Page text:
It was the Ciaran Roe show as the Killester point guard had a 34 point night to see the Dublin club to the Irish Cup final. Emmet Ryan looks back on a night where the smallest man on the court embiggened his team in the face of a ferocious fightback from the Tralee Warriors
It’s about a 1 hour 45 minute drive, with good traffic, from their Kerry home to the Mardyke but, make no mistake, this arena was East Tralee and nobody was surprised. Even before tip in the preceding game, over two hours before this one started, the announcer had begged people to make as much room as possible in the bleachers. The Warriors fans had travelled in numbers looking to replicate the most intense atmosphere in Irish basketball. The drums were banging loudly in warm-ups as the officials at the door played Tetris in order to fit everybody they could in. Even David Clifford, a Kerry Gaelic footballer and one of the biggest names in Irish sport, had to settle for standing on the balcony.
The club, a combined project between two junior clubs St Brendan’s and Imperials, brought big time basketball back to the Kingdom after nearly a decade in the wilderness. Spearheaded off the court as much as on by Kieran Donaghy, a former Gaelic Footballer of the Year, they had tasted plenty of success in their three years back with the end of season Champions Trophy becoming a near permanent resident in the town.
Riding high in the league, they were in the semi-finals for the first time in history against a Killester club that has seen all of this before. League runners up a year ago and finalists in this competition the previous season, the orange and black had some serious heritage in their line-up. Michael Westbrooks, back from three years living in the US, is the son of Super League legend Jerome while Alex Herreros is the son of all-time leading ACB scorer Alberto and that’s a man who knows how to make a big moment (go to 3.55 in this link for the last shot of his career…in the ACB Finals).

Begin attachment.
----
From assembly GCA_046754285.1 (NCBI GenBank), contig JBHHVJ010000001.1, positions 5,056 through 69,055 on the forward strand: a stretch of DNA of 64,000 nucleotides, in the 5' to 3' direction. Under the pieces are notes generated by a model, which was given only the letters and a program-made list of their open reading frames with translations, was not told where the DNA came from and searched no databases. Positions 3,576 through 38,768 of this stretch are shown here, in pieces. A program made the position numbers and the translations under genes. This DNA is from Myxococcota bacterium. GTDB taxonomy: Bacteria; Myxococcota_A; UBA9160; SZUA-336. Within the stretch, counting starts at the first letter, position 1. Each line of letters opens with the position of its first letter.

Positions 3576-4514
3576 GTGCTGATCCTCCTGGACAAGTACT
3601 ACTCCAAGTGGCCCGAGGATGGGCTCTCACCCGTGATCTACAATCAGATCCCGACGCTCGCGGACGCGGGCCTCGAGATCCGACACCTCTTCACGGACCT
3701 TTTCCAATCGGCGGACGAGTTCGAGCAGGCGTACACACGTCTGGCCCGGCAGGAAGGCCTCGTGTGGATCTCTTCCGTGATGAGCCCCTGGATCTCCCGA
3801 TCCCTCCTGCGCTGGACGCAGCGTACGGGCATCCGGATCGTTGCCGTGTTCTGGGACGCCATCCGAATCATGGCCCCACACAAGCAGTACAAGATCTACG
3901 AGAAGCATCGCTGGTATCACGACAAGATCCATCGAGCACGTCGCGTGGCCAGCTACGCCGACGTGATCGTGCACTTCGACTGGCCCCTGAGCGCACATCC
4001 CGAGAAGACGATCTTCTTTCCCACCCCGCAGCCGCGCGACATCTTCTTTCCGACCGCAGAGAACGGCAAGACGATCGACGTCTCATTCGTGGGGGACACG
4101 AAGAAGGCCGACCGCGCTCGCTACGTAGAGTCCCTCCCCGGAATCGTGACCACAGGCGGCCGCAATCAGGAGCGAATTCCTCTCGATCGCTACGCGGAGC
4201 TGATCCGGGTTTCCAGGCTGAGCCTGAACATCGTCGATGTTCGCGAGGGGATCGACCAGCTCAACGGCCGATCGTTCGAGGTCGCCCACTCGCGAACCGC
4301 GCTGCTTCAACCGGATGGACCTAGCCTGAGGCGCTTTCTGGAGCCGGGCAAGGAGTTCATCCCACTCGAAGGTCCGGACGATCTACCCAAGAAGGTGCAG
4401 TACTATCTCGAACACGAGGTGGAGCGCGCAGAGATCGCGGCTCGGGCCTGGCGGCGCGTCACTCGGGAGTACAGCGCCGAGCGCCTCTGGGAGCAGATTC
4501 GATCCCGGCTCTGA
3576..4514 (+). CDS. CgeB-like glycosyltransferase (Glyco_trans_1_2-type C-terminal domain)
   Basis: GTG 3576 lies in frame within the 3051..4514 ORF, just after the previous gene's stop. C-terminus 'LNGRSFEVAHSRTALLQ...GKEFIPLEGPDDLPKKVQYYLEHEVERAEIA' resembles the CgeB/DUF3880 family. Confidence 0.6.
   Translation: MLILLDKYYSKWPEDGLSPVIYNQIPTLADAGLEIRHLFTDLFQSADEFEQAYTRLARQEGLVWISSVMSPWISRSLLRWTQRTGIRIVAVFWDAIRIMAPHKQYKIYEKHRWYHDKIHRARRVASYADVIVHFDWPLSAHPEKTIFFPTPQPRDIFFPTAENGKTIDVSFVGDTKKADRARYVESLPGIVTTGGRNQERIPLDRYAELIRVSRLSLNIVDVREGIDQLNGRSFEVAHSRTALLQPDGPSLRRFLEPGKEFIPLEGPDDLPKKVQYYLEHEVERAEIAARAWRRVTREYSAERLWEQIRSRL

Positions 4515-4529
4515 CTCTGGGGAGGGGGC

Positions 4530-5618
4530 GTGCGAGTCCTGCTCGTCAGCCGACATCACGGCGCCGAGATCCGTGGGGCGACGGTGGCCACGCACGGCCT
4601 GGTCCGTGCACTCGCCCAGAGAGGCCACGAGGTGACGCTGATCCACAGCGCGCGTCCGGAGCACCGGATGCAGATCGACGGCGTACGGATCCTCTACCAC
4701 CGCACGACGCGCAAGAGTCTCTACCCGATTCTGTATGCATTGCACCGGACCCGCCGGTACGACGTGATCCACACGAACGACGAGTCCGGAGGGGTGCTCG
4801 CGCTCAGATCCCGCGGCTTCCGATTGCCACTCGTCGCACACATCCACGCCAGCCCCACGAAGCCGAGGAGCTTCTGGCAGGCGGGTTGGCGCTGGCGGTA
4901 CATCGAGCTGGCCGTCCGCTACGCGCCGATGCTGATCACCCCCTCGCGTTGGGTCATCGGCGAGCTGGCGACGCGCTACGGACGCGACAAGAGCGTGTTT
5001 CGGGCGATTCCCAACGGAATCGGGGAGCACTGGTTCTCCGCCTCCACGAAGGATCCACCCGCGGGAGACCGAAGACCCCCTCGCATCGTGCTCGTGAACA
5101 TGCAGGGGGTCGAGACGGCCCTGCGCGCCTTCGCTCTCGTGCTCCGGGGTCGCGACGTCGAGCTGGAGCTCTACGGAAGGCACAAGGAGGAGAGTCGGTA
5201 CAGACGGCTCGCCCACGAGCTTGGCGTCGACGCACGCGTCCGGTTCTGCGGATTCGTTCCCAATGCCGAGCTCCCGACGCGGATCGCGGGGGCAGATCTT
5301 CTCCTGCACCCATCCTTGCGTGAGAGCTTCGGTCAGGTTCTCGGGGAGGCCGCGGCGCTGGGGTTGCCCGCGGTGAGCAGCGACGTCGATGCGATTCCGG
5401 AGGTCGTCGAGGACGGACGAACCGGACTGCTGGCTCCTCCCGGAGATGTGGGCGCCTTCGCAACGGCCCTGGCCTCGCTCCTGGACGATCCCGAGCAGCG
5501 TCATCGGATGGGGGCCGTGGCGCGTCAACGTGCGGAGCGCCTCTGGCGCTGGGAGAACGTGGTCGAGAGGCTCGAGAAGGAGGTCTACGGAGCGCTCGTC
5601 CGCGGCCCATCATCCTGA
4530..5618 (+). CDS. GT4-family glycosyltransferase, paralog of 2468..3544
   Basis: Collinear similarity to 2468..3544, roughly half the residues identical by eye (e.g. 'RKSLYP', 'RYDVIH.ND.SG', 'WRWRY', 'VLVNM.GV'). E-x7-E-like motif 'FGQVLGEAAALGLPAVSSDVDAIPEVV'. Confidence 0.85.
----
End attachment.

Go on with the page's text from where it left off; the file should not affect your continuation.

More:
You can always tell that main event feel. In every practical way, this game was of equal importance to UCD’s win over Belfast earlier in the day but with Thunderstruck blaring and the crowd ready to absolutely blow, this was the big ticket. This was the game the people needed to see and they needed the wait to end badly.
Killester had the better of the opening exchanges but a three by Donaghy, the Star, brought the crowd to life. The scoring was slow enough with both sides happy to play it physical inside and not force a hard pace. Amidst the paint heavy struggle, Royce Williams was coming up trumps by and large while Ciaran Roe was the only guard finding any joy. It gave Killester the first lead of note in the game but didn’t silence the Tralee kettle drums at the far end of the court.